The first freelancer I knew started at 11

We were both in the same class in primary school.

And that was 20 years ago.

He was my best buddy in school, together with Colin. We hung out together, ate together, and talked about what we were gonna do in life.

I continued talking.

He, took action.

He started by taking baby steps. And he let his passion show him the way.



He was always passionate about magic. He learnt how to perform magic tricks by buying videos (those were the days before youtube). He didn’t just perform in front of a mirror. He put his skills to the test by volunteering to perform for charity. He did it for free. Day in, day out. And he got better! And people started hiring him to perform.

He continued doing that for a while as it was his passion but he realised that it wasn’t scalable. He could only do one performance at any one time. He decided to find something else that he could do. Something that was scalable. Something that went beyond entertainment.



In those days, there was no iPhone, no Android. Those were the days of Windows 95. But there was a new product which captured the imagination of techies all over the world. It was called Palm.

He bought a Palm and became an early adopter. He didn’t just use it. He learned how to code and write programs for the Palm. He was one of the earliest Palm developers and he got lots of business doing simple apps displaying advertising content.

And all that when he was 13-years old.

Despite his success, he didn’t rest on his laurels. He continued learning, reinventing, pushing ahead.

As he continued improving his development chops by taking on increasing numbers of projects and earning lots of money at the same time, he got better at marketing himself to would-be clients. He realised that no matter how good he was at development, new customers would never know what he could do. He had to get them to take the leap of faith, and the key differentiator between him and other developers in convincing someone to make the leap, was his ability to sell.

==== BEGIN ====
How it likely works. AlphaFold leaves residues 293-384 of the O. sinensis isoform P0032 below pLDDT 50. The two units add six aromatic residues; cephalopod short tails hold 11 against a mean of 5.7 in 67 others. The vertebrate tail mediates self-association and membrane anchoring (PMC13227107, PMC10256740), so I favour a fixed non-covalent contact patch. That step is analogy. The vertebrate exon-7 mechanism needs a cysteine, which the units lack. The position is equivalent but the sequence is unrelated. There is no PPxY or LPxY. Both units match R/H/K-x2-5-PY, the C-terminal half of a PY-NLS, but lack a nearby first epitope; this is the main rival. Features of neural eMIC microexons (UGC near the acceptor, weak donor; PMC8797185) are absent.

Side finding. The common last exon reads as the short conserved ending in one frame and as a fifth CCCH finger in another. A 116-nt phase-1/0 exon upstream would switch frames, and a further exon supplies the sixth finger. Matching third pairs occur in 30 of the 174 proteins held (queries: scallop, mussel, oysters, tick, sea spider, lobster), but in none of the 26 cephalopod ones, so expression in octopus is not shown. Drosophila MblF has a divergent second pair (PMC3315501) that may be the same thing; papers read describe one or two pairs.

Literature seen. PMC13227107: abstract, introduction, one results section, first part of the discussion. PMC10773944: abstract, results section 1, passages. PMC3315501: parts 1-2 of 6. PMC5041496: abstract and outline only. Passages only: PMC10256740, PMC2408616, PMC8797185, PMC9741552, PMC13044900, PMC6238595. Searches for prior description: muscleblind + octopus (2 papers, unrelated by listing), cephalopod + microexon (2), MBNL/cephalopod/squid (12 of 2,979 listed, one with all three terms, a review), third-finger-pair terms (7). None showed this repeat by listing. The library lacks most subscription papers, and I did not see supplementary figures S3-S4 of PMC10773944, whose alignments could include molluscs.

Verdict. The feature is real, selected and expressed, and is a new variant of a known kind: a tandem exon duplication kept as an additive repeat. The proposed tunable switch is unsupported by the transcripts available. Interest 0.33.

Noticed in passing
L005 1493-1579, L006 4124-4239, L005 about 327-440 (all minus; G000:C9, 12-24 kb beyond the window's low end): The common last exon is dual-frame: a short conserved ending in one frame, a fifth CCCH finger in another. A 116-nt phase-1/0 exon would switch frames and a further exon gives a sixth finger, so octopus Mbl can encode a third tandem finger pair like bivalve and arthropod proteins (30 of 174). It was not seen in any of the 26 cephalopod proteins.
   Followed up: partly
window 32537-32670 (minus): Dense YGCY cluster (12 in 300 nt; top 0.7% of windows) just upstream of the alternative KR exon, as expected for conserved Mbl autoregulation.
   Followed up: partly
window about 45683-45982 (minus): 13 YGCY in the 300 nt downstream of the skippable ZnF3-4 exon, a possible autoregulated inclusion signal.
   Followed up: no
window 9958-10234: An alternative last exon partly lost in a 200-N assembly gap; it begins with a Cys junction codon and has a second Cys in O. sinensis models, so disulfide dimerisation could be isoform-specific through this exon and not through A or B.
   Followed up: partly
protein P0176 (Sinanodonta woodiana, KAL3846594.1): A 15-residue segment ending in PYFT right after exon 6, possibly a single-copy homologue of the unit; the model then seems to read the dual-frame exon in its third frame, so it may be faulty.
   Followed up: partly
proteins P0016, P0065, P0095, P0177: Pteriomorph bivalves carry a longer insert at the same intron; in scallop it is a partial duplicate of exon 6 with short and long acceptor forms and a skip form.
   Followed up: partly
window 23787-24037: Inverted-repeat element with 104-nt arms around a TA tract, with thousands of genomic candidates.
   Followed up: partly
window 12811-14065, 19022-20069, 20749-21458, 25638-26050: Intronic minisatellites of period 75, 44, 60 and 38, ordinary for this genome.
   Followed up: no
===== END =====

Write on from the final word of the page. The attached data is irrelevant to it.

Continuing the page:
He discovered the power of storytelling.


Content Writer

He decided to reinvent himself again. This time, as a content writer.

He put in the hours and went through the grind. Slowly, article by article, he established his reputation as a copywriter. He wrote sales letters, e-books, brochures, flyers, you name it, he did it. He got the results for his customers, and in the process, he made his money.

All these before he turned 18.

He bought himself a car when he turned 18. With his own money. Now that may not sound like too big of a deal, but if you live in Singapore, it’s a really big deal.



He went to university and disrupted himself again. This time, as an accountant. He graduated with top honours, and made the decision to pursue his PHD. He eventually went into academia.


We’ve since lost contact, but the lessons that I learned from him remain. And I want to share them with you.

  • Life is a constant process of invention and reinvention. Don’t be afraid of disrupting yourself.
  • Start by taking baby steps. Build on your wins to achieve greater success.
  • Don’t be afraid of the grind. When the going gets tough, persevere, eke out a result.
  • Don’t fear that you can’t see where you are heading. Think of life as climbing a mountain. We can only see better when we keep moving. There will be some peaks and troughs, but as long as we keep moving, and keep climbing, it’s OK. As we climb higher, we can see better, and the road forward becomes clearer.

I thought for a long time about making a career switch, from a comfortable job, to starting my own company. It was difficult, but I eventually took the leap of faith, and these lessons had a part to play in giving me the confidence to take that leap.

Therefore, if you are thinking of making a career switch, pursuing that passion, or wondering if you’ve got what it takes to make it as a freelancer, be brave, and be courageous. You can do it. You can make it. Give it a shot. Else, you’ll never know.


Won’t you like to know?